I still don’t have dates set, either for the relaunch of Eolyn or the launch of Daughter of Aithne. But from here to the end of the year, there will be some big news regarding both, so please stay tuned. In the meantime, be aware that the original Hadley Rille Books imprint of Eolyn, featuring the lovely cover art of Jesse Smolover, will not be around for much longer. If you’ve ever considered gifting this edition to a friend, or would like a print copy for your own shelf, now is the time to purchase it.

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Sunset on the north shore of Oahu. Photo by Julie Anne Duay.

Last week, I was at a conference in Hawaii that kept me away from the internet. Hence, no posts until now. This week, I’ll be starting a 10-day road trip to the Badlands, the Black Hills, and Yellowstone National Park. Once again, internet access may be unreliable.  Still, I’d like to share some of that trip with you (and it’ll be vacation, not a conference), so I’ll try to post as often as I can while we’re on the road.

I also have some guest authors scheduled for the coming weeks. Jamie Marchant will be here on July 29 to talk about her new novel, The Soul Stone. (What a great title!) After that, look for sister-at-Hadley Rille Books, Vanessa MacLellan, who will be debuting her historical fantasy Three Great Lies in early August. Three Great Lies is set in ancient Egypt, and also features cover art by Thomas Vandenberg.

Wow. I just realized that after that, summer will be almost over.

But let’s not think about that right now. Let’s enjoy a little more fun in the sun…

50 Years of Dune

tumblr_m589qrFffi1qbaom0There were many reasons to celebrate this past Fourth of July weekend. One that caught me by surprise was the 50th anniversary of the publication of Frank Herbert’s DUNE.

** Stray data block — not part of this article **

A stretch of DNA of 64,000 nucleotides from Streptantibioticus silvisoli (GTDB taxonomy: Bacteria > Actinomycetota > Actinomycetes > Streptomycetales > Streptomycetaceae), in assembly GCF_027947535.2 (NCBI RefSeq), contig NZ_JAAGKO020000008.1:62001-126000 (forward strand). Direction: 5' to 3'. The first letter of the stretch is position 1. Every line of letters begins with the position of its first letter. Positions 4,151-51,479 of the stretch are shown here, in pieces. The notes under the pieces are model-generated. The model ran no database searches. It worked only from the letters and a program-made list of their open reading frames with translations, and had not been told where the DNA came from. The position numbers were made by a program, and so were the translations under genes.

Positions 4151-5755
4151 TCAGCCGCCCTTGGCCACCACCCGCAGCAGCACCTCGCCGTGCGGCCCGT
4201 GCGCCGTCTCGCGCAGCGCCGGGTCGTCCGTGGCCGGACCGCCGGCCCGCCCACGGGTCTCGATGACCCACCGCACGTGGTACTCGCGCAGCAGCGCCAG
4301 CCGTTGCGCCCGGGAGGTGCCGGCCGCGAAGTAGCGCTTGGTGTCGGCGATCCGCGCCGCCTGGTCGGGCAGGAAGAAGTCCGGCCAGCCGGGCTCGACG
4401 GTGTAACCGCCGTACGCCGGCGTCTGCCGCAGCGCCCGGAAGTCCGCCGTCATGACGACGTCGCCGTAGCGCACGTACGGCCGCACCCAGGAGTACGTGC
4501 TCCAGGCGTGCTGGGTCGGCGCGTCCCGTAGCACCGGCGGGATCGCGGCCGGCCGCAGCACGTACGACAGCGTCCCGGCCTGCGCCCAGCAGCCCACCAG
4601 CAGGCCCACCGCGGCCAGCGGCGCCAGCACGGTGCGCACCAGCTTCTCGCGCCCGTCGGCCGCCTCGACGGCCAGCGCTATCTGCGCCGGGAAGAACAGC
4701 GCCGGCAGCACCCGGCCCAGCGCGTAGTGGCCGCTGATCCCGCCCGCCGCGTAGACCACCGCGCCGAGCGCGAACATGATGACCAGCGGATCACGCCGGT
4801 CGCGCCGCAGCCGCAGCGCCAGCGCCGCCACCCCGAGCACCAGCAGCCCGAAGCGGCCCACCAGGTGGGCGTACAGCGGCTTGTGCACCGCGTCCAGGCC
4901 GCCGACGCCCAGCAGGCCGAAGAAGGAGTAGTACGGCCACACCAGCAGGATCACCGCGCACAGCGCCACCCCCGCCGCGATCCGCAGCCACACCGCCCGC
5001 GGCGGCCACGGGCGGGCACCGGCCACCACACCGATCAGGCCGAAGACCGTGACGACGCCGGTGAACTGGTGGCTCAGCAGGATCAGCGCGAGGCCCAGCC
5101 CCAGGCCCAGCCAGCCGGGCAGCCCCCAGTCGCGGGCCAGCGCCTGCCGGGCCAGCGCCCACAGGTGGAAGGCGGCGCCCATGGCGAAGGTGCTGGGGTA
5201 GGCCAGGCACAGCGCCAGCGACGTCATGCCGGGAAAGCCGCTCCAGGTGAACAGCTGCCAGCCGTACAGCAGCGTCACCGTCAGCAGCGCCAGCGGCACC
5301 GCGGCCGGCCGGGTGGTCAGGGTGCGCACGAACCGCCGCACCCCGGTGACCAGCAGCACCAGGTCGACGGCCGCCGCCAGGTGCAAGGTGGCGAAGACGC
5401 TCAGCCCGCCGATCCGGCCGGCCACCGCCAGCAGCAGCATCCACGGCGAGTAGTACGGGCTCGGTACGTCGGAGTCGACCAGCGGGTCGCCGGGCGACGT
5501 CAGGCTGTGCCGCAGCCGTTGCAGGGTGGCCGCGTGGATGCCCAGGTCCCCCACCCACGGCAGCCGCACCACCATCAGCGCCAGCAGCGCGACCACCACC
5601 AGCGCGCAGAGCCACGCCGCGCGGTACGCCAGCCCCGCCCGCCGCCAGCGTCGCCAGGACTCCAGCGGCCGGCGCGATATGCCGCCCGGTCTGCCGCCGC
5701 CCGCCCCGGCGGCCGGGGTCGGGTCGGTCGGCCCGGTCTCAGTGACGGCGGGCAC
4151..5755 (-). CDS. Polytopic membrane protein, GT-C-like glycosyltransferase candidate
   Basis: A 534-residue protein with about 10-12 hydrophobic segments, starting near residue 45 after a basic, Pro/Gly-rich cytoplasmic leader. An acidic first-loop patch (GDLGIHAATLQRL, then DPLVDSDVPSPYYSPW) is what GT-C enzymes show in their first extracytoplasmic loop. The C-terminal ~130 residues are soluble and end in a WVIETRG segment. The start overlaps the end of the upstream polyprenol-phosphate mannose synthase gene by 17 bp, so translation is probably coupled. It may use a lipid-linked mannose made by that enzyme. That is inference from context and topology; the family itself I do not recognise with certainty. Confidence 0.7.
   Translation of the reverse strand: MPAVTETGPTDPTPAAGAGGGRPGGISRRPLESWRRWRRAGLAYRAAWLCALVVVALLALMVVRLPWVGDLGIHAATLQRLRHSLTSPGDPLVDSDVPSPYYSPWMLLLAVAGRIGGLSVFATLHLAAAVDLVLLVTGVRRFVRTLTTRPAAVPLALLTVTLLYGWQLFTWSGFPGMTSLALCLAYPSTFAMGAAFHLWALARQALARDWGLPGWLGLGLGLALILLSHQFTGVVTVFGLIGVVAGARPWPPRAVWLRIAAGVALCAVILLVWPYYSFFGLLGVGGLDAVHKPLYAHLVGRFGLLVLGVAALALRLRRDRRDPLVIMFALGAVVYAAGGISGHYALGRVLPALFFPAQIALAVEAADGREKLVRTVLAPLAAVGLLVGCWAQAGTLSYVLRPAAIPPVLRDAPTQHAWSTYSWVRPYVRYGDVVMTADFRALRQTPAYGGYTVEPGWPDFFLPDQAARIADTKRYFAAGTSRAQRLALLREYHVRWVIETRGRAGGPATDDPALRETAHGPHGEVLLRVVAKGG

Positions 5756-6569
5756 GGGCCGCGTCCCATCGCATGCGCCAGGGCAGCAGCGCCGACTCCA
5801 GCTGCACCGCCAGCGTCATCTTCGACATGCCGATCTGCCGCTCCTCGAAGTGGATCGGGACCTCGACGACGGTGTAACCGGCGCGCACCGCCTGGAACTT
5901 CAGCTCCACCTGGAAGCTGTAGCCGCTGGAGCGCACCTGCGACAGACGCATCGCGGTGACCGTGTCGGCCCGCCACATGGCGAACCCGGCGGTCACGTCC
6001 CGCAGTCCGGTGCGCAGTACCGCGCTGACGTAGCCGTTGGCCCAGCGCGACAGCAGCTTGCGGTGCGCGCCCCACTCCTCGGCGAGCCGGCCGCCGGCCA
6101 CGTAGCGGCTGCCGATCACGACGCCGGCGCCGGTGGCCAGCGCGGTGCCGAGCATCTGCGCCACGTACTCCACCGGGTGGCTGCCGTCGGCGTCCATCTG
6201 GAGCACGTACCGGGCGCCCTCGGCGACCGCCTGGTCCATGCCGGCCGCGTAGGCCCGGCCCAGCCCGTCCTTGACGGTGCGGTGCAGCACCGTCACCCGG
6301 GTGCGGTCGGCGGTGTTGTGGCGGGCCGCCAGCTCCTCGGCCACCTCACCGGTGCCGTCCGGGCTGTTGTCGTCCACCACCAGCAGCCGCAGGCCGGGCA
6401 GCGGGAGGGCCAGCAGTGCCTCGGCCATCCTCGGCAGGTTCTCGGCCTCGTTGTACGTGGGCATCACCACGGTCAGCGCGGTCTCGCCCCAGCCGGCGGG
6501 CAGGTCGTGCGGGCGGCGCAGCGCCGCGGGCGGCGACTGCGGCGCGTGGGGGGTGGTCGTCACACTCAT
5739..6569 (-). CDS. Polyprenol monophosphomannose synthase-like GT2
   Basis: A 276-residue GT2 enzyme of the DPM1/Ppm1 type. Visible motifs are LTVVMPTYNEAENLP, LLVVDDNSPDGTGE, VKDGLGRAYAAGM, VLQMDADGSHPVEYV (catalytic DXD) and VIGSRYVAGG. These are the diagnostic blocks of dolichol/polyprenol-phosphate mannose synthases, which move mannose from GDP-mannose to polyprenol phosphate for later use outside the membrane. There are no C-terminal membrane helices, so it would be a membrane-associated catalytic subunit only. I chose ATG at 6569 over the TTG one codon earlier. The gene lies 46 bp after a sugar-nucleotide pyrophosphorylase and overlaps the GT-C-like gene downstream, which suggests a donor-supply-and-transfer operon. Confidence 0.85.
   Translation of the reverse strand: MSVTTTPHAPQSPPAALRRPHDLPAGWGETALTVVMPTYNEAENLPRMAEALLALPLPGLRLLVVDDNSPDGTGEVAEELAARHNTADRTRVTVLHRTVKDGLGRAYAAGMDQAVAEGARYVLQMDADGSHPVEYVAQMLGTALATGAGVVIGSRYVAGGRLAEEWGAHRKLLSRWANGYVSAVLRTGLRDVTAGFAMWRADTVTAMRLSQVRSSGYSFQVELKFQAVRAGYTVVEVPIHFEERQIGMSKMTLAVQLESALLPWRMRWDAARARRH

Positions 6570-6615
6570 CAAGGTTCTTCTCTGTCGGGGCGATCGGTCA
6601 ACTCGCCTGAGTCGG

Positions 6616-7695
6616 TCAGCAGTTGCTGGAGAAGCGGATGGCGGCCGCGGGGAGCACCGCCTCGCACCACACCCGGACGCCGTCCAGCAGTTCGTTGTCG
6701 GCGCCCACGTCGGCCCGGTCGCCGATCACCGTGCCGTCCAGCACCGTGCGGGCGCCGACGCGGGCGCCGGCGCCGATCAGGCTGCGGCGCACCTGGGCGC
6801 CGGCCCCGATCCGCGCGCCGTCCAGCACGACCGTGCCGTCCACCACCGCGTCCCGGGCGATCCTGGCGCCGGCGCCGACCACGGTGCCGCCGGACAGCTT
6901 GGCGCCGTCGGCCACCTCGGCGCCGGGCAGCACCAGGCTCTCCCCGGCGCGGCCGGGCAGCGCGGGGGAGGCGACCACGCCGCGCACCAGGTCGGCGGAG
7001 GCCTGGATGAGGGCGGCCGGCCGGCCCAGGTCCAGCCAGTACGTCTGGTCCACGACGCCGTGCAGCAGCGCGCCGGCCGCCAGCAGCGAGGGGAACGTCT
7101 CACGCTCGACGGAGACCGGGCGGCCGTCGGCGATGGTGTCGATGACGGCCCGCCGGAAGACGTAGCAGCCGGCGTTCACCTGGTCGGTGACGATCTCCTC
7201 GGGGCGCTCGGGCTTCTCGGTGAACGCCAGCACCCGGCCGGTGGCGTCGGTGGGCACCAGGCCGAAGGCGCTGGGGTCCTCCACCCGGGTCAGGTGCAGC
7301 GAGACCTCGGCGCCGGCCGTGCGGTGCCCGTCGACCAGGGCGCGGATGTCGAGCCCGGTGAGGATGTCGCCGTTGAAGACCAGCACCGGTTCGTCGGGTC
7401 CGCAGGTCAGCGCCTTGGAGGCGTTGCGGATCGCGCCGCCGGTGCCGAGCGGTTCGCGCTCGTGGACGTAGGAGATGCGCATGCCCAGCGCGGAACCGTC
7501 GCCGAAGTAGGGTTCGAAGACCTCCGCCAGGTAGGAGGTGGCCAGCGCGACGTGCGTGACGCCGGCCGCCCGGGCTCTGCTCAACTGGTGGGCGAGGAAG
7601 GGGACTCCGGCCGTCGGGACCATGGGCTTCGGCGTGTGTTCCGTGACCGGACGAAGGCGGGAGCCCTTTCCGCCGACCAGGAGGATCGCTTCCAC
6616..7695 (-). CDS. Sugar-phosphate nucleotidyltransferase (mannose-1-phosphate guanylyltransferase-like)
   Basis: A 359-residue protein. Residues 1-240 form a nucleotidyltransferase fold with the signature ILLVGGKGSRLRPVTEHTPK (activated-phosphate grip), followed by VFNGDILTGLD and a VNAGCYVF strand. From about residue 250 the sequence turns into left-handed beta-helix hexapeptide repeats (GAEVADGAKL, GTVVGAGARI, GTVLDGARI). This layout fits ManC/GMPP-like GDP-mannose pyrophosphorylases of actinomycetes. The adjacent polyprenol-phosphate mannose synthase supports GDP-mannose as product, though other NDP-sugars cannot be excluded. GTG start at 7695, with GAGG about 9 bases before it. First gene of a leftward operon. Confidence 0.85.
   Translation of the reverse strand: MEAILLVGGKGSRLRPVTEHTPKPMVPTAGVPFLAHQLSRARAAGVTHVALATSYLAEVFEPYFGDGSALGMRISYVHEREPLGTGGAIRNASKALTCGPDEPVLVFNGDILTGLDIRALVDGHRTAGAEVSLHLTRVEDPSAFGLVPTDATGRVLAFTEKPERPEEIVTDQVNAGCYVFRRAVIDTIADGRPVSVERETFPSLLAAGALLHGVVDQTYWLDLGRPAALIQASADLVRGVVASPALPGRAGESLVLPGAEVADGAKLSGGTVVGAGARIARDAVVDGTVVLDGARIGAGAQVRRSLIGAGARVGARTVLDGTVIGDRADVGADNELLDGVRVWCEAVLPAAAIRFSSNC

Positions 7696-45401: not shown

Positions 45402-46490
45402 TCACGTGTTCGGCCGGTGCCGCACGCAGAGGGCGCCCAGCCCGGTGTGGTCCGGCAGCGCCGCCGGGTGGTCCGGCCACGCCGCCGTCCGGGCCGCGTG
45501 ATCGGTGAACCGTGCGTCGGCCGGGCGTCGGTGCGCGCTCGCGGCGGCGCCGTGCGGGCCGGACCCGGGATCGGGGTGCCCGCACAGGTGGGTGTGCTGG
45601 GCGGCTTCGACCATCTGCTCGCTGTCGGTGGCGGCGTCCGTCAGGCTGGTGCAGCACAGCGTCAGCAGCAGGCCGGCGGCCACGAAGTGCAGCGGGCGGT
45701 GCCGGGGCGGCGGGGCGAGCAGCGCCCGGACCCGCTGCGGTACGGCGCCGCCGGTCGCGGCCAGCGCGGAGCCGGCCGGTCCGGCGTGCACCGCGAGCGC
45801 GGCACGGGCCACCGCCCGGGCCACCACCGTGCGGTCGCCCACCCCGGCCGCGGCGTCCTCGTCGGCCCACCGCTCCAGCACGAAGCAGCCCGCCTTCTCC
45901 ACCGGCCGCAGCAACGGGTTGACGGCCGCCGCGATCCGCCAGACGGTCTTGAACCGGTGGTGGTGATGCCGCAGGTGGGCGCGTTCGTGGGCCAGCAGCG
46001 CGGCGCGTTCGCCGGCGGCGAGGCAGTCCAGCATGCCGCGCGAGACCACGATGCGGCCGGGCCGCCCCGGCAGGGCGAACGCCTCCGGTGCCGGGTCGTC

I first read DUNE in high school. While I often sing praises of Tolkien and Martin, if I’m to be honest with myself I’d have to say Herbert was perhaps the single most influential author in my long journey toward writing speculative fiction.

Herbert’s story brought together two major elements that excited my imagination at the time: a medieval-style feudal society coupled with the advanced technology of interstellar travel. There was also love, war, family, betrayal, and bloodshed. Strategic manipulation of deep spiritual desires. Space ships and giant sand worms, and a knock-out drug, spice melange, that facilitated interplanetary travel while turning your eyes blue. Women were not only important part of history, they dared to challenge the men at controlling it. Herbert’s novel absorbed me in a way that no other had before and that few have done since.

My favorite character of Dune, as you might guess, was Jessica, wife to Leto Atreides and mother to Paul. I wasn’t aware of it at the time, but Jessica was unusual in the then male-dominated milieu of science fiction literature. Few authors had granted women the kind of agency and power Jessica would exercise over the realization of her son’s fate.

Jessica was an initiate of a powerful sisterhood called the Bene Gesserit, who wove their own schemes inside a decidedly patriarchal galactic order. The Bene Gesserit had plans for Jessica and her offspring as part of their eugenics-inspired effort to breed a savior who could topple the evil galactic emperor. Jessica defied these plans by giving Leto a son, but she also came to believe Paul could be the savior the Bene Gesserit had been waiting for. Thus began her long journey at Paul’s side to see that prophecy fulfilled.

I don’t think I’d seen anything quite like the Bene Gesserit sisterhood when I first read DUNE. The idea that a sisterhood could be so much more than a cloistered group of humble women was entirely new to me. Their internal mythology, their psychological and physical control, their cunning intervention in galactic politics, and their mysterious powers that verged on magic provided a fascinating subtext for the larger story. Even today, I find myself reciting their litany against fear in moments of duress:

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Lady Jessica, interpreted by actress Francesca Annis in the 1984 film DUNE.

I must not fear.
Fear is the mind-killer.
Fear is the little-death that brings total obliteration.
I will face my fear.
I will permit it to pass over me and through me.